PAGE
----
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Draeger Med. Sys., Inc. v. My Health, Inc.

Mar 3, 2016
Civ. No. 15-248-SLR (D. Del. Mar. 3, 2016)


Civ. No. 15-248-SLR




At Wilmington this 3rd day of March 2016, having considered defendant My Health, Inc.'s motion to dismiss for lack of subject matter jurisdiction and the papers submitted therewith;

IT IS ORDERED that the motion (D.I. 24) is denied, as follows:

1. Background. Draeger Medical Systems, Inc. ("Draeger") filed this action on March 19, 2015 against My Health, Inc. ("My Health") seeking a declaratory judgment of non-infringement and invalidity of U.S. Patent No. 6,612,985 (the "'985 patent"). (D.I. 1) The '985 patent, issued on September 2, 2003, is entitled "Method and System for Monitoring and Treating a Patient." (Id. at ¶ 16)

2. Draeger is a Delaware corporation with operations in Massachusetts and Pennsylvania. (Id. at ¶ 2) Through its Infinity M300 system, Draeger provides diagnostic ambulatory devices that help patients self-manage and improve their health through technology. (Id. at ¶ 8) My Health is a non-practicing entity incorporated in Delaware and headquartered in Piano, Texas. (Id. at ¶ 3; D.I. 26 at 2) My Health engaged Patent Licensing Alliance ("PLA"), a non-party, to identify and solicit companies whose products and services may benefit from the technology covered by the '985 patent. (D.I. 25 at 2)

3. In February 2015, the Chief Executive Officer of Draeger received a letter from PLA stating that its "research group and legal team have thoroughly reviewed the Infinity M300 system and believe that it utilizes the technology claimed and disclosed in the ['985 patent]." (D.I. 27-4) The letter explained that due to "improper use without a license, My Health has been enforcing its intellectual property rights." (Id.) Accordingly, Draeger "requires a license" if it intends to continue to sell its products. The letter then quotes the language of 35 U.S.C. § 271, including the statement "whoever without authority makes , uses , offers to sell , or sells any patented invention ... infringes the patent." (Id. (double emphasis in original)) The letter concludes that My Health is "interested in reaching a direct, negotiated (and without litigation) licensing arrangement...." (Id.)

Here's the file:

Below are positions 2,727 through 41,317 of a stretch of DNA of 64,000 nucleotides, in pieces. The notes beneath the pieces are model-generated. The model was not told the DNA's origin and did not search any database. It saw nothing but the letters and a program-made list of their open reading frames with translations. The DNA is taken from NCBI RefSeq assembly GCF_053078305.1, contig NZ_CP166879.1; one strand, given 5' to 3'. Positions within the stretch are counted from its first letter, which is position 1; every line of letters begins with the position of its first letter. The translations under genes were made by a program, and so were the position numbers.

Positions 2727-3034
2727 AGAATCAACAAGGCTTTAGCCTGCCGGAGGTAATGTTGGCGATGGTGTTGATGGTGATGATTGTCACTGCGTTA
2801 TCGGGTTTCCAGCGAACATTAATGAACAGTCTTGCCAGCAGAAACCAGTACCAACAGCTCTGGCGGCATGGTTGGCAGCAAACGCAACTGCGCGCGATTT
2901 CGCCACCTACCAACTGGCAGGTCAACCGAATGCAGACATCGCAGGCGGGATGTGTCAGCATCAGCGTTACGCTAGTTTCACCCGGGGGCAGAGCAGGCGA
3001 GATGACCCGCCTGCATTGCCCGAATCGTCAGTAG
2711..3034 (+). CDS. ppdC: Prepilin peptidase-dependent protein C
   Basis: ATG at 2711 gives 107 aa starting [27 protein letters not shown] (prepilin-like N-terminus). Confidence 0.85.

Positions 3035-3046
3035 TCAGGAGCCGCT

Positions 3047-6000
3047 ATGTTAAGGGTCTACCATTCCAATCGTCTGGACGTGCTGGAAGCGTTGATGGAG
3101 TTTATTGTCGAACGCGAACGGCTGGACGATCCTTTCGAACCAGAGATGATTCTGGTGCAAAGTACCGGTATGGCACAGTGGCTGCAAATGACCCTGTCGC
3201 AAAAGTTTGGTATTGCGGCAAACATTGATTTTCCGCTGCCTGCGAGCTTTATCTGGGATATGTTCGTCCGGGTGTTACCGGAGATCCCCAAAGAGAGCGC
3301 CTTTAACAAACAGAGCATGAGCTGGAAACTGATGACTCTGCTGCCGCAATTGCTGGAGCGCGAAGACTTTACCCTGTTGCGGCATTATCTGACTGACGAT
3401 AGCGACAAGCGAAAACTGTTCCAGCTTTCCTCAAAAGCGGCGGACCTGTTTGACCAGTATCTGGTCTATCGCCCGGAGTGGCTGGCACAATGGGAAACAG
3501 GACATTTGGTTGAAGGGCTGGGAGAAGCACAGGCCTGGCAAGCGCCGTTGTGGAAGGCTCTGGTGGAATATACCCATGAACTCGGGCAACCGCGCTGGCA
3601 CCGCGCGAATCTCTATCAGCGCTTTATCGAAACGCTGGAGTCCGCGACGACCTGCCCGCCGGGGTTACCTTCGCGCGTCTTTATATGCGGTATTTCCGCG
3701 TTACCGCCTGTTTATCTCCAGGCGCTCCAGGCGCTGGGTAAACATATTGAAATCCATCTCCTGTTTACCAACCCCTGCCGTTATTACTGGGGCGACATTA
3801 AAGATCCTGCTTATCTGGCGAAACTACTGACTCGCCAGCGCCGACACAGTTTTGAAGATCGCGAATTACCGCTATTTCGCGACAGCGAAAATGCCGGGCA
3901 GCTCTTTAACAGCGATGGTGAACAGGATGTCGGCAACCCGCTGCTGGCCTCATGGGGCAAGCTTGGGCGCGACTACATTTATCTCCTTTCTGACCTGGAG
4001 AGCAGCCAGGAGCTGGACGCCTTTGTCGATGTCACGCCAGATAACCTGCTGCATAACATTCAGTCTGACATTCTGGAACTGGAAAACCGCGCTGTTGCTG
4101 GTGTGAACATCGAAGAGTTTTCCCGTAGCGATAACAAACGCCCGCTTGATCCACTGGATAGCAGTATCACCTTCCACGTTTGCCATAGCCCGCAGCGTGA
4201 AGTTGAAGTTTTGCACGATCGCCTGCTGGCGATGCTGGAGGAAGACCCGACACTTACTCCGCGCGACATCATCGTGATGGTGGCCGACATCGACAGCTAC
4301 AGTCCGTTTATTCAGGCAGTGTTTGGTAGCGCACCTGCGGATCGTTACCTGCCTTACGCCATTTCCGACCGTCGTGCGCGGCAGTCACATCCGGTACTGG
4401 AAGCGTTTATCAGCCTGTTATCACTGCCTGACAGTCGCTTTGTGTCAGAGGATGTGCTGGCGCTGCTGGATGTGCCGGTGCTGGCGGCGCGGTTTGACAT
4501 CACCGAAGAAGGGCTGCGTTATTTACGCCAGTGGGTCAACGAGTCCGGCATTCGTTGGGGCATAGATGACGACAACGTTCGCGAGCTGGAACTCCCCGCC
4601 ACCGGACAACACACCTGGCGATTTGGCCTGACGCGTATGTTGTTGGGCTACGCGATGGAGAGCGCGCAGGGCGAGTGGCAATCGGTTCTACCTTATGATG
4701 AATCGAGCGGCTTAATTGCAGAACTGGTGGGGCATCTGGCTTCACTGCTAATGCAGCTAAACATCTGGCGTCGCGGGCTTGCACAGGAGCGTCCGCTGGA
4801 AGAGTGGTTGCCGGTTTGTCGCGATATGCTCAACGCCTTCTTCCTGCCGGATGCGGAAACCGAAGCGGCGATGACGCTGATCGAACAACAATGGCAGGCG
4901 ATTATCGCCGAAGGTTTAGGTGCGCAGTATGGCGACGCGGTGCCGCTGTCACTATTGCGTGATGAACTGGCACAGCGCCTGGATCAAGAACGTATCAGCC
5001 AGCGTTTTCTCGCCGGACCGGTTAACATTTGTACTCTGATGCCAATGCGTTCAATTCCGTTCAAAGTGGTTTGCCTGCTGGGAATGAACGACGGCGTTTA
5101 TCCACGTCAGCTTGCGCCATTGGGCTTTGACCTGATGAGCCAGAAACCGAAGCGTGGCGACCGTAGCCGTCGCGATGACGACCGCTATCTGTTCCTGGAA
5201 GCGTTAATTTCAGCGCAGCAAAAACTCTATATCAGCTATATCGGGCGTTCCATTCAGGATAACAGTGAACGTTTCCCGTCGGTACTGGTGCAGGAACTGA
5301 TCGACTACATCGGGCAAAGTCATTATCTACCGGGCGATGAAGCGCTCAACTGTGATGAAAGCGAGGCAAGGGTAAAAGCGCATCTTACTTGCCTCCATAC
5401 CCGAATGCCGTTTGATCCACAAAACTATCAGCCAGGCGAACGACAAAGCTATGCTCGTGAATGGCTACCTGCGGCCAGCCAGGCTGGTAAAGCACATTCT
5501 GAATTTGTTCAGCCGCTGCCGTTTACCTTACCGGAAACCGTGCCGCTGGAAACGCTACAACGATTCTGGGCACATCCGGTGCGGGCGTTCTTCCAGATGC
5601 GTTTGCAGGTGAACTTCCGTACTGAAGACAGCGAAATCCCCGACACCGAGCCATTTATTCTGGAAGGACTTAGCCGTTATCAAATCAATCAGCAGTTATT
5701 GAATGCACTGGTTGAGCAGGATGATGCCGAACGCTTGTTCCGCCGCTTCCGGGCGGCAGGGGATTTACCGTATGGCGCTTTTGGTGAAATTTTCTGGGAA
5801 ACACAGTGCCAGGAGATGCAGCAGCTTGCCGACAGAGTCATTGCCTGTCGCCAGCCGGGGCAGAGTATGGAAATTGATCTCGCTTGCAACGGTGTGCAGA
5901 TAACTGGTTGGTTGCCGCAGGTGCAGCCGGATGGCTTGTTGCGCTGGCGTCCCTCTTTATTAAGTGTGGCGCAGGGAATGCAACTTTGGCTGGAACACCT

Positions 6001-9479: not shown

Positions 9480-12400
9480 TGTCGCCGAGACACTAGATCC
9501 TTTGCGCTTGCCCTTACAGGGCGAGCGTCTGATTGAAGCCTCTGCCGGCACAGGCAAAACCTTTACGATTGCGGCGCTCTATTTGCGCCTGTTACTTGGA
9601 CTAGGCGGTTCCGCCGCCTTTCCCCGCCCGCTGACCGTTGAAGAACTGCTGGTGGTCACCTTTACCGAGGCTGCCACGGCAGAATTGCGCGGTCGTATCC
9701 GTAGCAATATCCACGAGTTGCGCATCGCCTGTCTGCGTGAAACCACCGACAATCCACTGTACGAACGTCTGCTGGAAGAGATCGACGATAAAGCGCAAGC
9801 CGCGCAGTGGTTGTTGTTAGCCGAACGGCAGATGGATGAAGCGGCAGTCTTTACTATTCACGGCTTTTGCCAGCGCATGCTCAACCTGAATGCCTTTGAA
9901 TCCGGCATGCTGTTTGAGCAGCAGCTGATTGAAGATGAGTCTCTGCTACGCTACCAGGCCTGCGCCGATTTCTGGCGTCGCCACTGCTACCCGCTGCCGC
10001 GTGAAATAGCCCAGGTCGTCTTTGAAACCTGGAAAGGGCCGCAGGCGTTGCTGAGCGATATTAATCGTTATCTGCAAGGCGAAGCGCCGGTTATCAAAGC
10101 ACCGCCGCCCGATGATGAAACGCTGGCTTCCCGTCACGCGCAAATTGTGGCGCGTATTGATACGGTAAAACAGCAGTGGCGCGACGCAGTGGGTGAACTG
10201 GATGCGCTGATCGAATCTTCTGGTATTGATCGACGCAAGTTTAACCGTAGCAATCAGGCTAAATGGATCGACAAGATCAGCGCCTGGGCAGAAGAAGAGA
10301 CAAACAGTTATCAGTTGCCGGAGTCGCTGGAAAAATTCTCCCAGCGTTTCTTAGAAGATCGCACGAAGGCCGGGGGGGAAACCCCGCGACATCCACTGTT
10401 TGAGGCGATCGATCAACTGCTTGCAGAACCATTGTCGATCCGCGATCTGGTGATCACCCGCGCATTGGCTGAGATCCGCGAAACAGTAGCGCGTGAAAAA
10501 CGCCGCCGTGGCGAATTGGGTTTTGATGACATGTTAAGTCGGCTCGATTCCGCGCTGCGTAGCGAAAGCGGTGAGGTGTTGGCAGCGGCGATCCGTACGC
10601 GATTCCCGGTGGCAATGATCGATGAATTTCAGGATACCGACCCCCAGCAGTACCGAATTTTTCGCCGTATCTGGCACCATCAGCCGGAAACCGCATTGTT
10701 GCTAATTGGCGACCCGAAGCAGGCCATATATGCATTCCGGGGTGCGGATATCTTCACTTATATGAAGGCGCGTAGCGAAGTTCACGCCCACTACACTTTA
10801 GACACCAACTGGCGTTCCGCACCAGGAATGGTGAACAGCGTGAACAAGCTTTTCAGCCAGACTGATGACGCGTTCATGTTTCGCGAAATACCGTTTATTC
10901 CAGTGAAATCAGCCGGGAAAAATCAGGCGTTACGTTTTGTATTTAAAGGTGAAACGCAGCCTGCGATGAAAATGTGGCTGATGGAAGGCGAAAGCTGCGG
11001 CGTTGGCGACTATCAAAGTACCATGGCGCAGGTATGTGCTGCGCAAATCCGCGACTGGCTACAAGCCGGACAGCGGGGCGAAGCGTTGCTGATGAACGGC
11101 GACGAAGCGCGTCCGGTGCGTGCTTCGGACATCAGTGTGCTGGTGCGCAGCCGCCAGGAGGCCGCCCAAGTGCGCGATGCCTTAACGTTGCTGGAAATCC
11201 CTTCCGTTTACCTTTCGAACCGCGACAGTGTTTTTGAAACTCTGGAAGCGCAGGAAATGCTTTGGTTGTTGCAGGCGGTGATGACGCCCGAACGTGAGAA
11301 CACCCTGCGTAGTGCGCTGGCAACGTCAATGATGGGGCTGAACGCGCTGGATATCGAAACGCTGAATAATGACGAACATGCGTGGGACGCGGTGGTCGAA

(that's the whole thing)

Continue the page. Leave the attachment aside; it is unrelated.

Consistent with this statement, My Health filed complaints against at least 24 other companies alleging infringement of the '985 patent. (D.I. 1 at ¶ 13)

4. The letter was accompanied by a binder that contained: (1) a notice "Re: Infringement of the U.S. Patent No. 6,612,985;" (2) a copy of the '985 patent; and (3) a "Pre-filing Investigation Claim Chart" that explains on an element-by-element basis the allegedly infringing nature of the "Accused Product." (D.I. 27) The notice states that My Health "reserves all rights ... to seek damages anytime within the last six years," and warns that "You should not rely on any communication ... from My Health as a relinquishment of any of My Health's rights." (D.I. 27-1) The claim chart contains a header on each page stating "Rule 408 confidential communication - subject to confidentiality agreement." (D.I. 27-3)

5. No one from Draeger responded to PLA or contacted My Health regarding the letter, the binder, or its contents before filing the declaratory judgment action. (D.I. 25 at 3) My Health seeks to dismiss the complaint for lack of subject matter jurisdiction on the grounds that Draeger has failed to identify actions sufficient to give rise to an actual case or controversy, as required by Article III of the U.S. Constitution.

6. Standard. The party asserting subject matter jurisdiction has the burden of proving its existence. Lincoln Ben. Life Co. v. AEI Life, LLC, 800 F.3d 99, 105 (3d Cir. 2015). "Challenges to subject matter jurisdiction under Rule 12(b)(1) may be facial or factual." Id. (quoting Common Cause of Pa. v. Pennsylvania, 558 F.3d 249, 257 (3d Cir. 2009)). A facial attack contests the sufficiency of the pleadings, whereas a factual attack contests the sufficiency of jurisdictional facts. Id. In reviewing a facial attack, the court considers only the allegations in the complaint and any documents referenced in or attached to the complaint, in the light most favorable to the plaintiff. Church of Universal Bhd. v. Farmington Twp. Supervisors, 296 F. App'x 285, 288 (3d Cir. 2008). In contrast, when reviewing a factual attack, the court may weigh and consider evidence outside the pleadings. Gould Elecs. Inc. v. United States, 220 F.3d 169, 176 (3d Cir. 2000). Finally, in a factual challenge, "no presumptive truthfulness attaches to plaintiffs' allegations." Mortensen v. First Fed. Sav. & Loan Ass'n, 549 F.2d 884, 891 (3d Cir. 1977).